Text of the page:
Posted by Big Gav
TreeHugger has an interview with Amanda Little of Grist, talking about her new book Power Trip: From Oil Wells to Solar Cells, Our Ride to the Renewable Future - Amanda Little Takes a Power Trip Across America.
TH: Once you start educating people, we'll use peak oil as the example, how do you get people to believe a Matthew Simmons versus a Daniel Yergin? Here are two people with eminent credentials but are saying entirely opposite things...
AL: ...That was actually part of it, saying exactly that. There are radically different perceptions of the situation. Nobody knows for sure. In fact the very ambiguity of it is what's fascinating. We don't know how much is left. There's so much obscurity in the information. The people that we're buying the oil from, we can't even trust their data.
There's that approach. Then there's one that says there's a range of predictions: Some are saying peak already happened; some are saying its going to be in ten or twenty or forty years. Others are saying it'll never happen...the people who say 'we'll just keep getting better and better technology and just suck [oil] out from the farthest reaches of the planet.' But that becomes irrelevant.
Peak oil is an important discussion but the discussion shouldn't begin and end there. When you look at the reality of global warming, of national security, and economic volatility, then peak oil is sort of a moot discussion. You have to address it and saying 'here is a range of different opinions, but does it matter when how real and immediate and urgent the problems of climate, economic volatility and geopolitical conflict are.'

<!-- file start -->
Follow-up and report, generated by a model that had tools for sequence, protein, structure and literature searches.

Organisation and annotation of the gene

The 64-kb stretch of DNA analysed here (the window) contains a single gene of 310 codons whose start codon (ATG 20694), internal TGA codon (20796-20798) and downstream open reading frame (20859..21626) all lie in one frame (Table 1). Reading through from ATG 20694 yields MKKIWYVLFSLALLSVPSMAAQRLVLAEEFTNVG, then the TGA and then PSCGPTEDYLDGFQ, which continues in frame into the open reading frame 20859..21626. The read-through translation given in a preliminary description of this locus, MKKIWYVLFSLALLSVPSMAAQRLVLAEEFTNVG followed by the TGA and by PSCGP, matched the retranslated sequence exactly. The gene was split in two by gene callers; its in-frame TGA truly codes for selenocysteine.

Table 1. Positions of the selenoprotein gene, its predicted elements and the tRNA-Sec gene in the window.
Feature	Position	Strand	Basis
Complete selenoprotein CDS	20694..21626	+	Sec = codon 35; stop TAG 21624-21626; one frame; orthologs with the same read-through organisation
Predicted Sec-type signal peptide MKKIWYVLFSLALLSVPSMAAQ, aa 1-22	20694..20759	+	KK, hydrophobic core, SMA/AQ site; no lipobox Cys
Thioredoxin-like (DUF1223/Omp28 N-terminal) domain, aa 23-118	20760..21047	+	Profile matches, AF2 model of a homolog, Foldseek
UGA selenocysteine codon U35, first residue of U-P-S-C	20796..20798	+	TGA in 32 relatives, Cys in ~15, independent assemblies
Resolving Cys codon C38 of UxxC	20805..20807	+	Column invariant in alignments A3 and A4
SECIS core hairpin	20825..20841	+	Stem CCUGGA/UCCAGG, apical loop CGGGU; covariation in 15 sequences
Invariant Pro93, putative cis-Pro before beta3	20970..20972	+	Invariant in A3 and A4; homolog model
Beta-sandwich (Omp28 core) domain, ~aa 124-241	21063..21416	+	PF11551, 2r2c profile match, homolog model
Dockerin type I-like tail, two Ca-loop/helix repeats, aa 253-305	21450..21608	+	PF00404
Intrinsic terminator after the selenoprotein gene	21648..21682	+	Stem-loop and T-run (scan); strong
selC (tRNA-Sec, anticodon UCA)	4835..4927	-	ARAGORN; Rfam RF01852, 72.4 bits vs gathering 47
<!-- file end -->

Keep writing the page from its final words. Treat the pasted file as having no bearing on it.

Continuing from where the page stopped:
People ask me that all the time, 'are we running out of oil?' The problem isn't running out of oil, it's running out of the ability to increase our supply of oil. Then people go, "Oh! It's not that we're running out of oil. It's just going to become vastly more expensive, every year."
These are the missing links in the debate and the public understanding.
That was the purpose of chapter one. The purpose of going on the [offshore oil drilling] rig--which is one of the most extreme rigs on the planet, where they're going six miles below sea level with a drill--was to say 'maybe we're increasing our oil reserves...but what is extraordinary is the extremes we go to get those resources.'
It's an act of extraordinary technological daring to insert a straw 30,000' in the ground to get this stuff. It's riddled with risk. It's riddled with expense. So even if oil may be there, is this a fruitless search, in so many other ways? If it takes that much [effort] aren't we better off putting our money somewhere else?